We find a similar issue at work in questions about the increase in tax rates for the wealthiest Americans. In early 2019 Alexandria Ocasio-Cortez, a junior senator from New York, proposed a marginal tax rate of 70% on those earning over $10 million annually. Elizabeth Warren has proposed a tax on America’s mega-wealthy billionares. Bernie Sanders has proposed very high estate taxes. These taxes on those in top tax brackets, they all argue, will produce needed revenue so that not only social security will not have to be cut (as some Republicans now suggest is needed) but so that we can afford medicare for all, free community college and tuition debt forgiveness. The Republicans, by contrast, argue that these taxes would lower the incentive of the wealthiest to work and to produce more wealth. It would also take money out of hands of the wealthiest Americans and stagnate the economy. In this debate, too, sometimes a question of values does come to the fore. Republicans are more likely than Democrats to argue that company owners have a right to the money they have earned. Democrats, by contrast, will more likely dispute that in our current system the money that has been earned is rightfully all due to the company owners. The owners profits have been generated in part because of the labor of their employees. In many of these cases fair wages were not paid, so the company owners took home huge profits while the workers struggled. Bernie Sanders and Elizabeth Warren, for example, have both highlighted that the Walton family, the owners of Walmart, has become the wealthiest family in the world at the very time when Walmart employees in some cases have needed government assistance to make ends meet, even when they work their jobs full time. This argument clearly cuts along lines of fairness, equity and social utility. But the point here is that at least in part Democrats and Republicans will both argue that their proposals generate the greatest utility within the macro-economy. Republicans will argue that it is better for society to allow “trickle-down” economics to kick in. Democrats deny that trickle-down economics works effectively.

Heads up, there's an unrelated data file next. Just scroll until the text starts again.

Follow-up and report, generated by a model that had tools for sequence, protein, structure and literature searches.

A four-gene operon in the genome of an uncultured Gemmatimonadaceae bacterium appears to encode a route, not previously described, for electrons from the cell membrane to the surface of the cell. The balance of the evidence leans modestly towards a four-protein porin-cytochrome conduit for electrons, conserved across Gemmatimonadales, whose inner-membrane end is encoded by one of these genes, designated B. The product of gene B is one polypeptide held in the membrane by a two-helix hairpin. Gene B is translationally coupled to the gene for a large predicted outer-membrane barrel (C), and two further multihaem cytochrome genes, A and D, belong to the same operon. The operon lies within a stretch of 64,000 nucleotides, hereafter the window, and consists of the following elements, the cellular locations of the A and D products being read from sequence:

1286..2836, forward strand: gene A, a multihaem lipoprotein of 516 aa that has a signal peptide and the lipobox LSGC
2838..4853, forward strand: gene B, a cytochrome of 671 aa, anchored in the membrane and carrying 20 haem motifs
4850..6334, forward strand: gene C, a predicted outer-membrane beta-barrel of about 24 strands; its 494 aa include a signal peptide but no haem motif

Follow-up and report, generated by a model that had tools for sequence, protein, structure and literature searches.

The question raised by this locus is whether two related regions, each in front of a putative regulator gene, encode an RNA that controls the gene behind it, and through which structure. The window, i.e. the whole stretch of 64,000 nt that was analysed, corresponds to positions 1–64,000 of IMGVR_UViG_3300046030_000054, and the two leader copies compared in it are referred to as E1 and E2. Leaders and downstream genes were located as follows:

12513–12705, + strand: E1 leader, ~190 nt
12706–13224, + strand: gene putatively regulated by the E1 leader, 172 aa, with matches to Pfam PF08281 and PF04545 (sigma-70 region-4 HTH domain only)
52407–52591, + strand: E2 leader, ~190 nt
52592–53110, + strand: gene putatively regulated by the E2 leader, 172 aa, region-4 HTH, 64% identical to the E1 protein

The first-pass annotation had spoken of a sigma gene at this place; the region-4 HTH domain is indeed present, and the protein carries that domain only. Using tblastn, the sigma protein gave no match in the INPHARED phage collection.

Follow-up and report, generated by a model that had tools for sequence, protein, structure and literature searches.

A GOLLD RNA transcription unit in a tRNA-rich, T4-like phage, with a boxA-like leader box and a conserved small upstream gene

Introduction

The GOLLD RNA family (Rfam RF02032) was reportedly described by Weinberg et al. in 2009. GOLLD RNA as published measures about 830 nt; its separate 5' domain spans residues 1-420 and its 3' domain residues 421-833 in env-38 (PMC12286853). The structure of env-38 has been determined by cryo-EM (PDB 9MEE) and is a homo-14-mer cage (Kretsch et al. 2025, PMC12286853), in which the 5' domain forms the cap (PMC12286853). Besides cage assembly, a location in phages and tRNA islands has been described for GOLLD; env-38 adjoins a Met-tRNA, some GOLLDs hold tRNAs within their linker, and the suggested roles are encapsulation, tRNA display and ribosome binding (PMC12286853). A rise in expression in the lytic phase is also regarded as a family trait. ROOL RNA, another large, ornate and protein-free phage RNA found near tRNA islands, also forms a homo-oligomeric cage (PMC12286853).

Here, given that at least with a focus on social utility, the question is not one of values but is one of a proper understanding of the facts, it might seems that things should be simplified theoretically. If we don’t have a value conflict but only a conflict in the interpretation of the facts, then all we have to do is show which view is supported by facts and we should get ethical consensus. Easy peasy! However, clearly in reality, things don’t work this way. Indeed, if the facts were clarified, then members of the respective parties would likely take recourse in values conflicts after all. But for now this counterfactual speculation doesn’t have to be tested, since members of the two parties can now simply retreat to their own economic experts. The Republicans, along with President Trump, who recently gave a medal of freedom to Alfred Laffer, appeal to a group of economists who are still basically supportive of the supply-side economics that Laffer helped to develop. The Democrats, for their part, rely on economists who are more Keynesian. Those Keynesian economists will emphasize that the market simply has not corrected to adjust for fair higher wages. They will also point to the extremely high marginal tax rates under the administration of FDR and in the pre-Regan period, were at times over 90%, and still resulted in strong economic growth. These higher marginal tax rates, they will note, historically did not destroy the incentives of the wealthiest to invest or harm the economy.
So we end up with no easily settled facts. Here, part of the problem consists in the lack of consensus within the field of economics. The dismal science, as it has long been called, has not generated a single dominant paradigm that unifies researchers in the area. So there are at least some recognized experts who support both of the alternative types of positions mentioned. In some cases the facts just aren’t so easy to decide upon.
Yet there is a more concerning problem — namely, that even in some areas in which there is consensus, we still do not get people to give up the factual disputes. Climate science is perhaps the major area of ethical importance in which this is demonstrated. Here, as in ethical debates about economic policy, the ethical argument isn’t one of social utility against some other value — like some imagined individual rights to pollute. Both the Democrats and Republicans claim to want a policy that produces social utility. However, in this case, Republicans in he United States will not accept the authority of climate scientists but insist instead on highlighting extremely marginalized or minority voices within that debate or the voices of pundits who are not experts in the field. The ethical dispute remains one of facts, but in this situation debates continue despite the fact that there is largely consensus among experts about what the facts of the matter are. The question of what non-rational factors influence our decision-making in such cases, making us imperious to the facts, is a thorny issue that will have to be taken up on its own.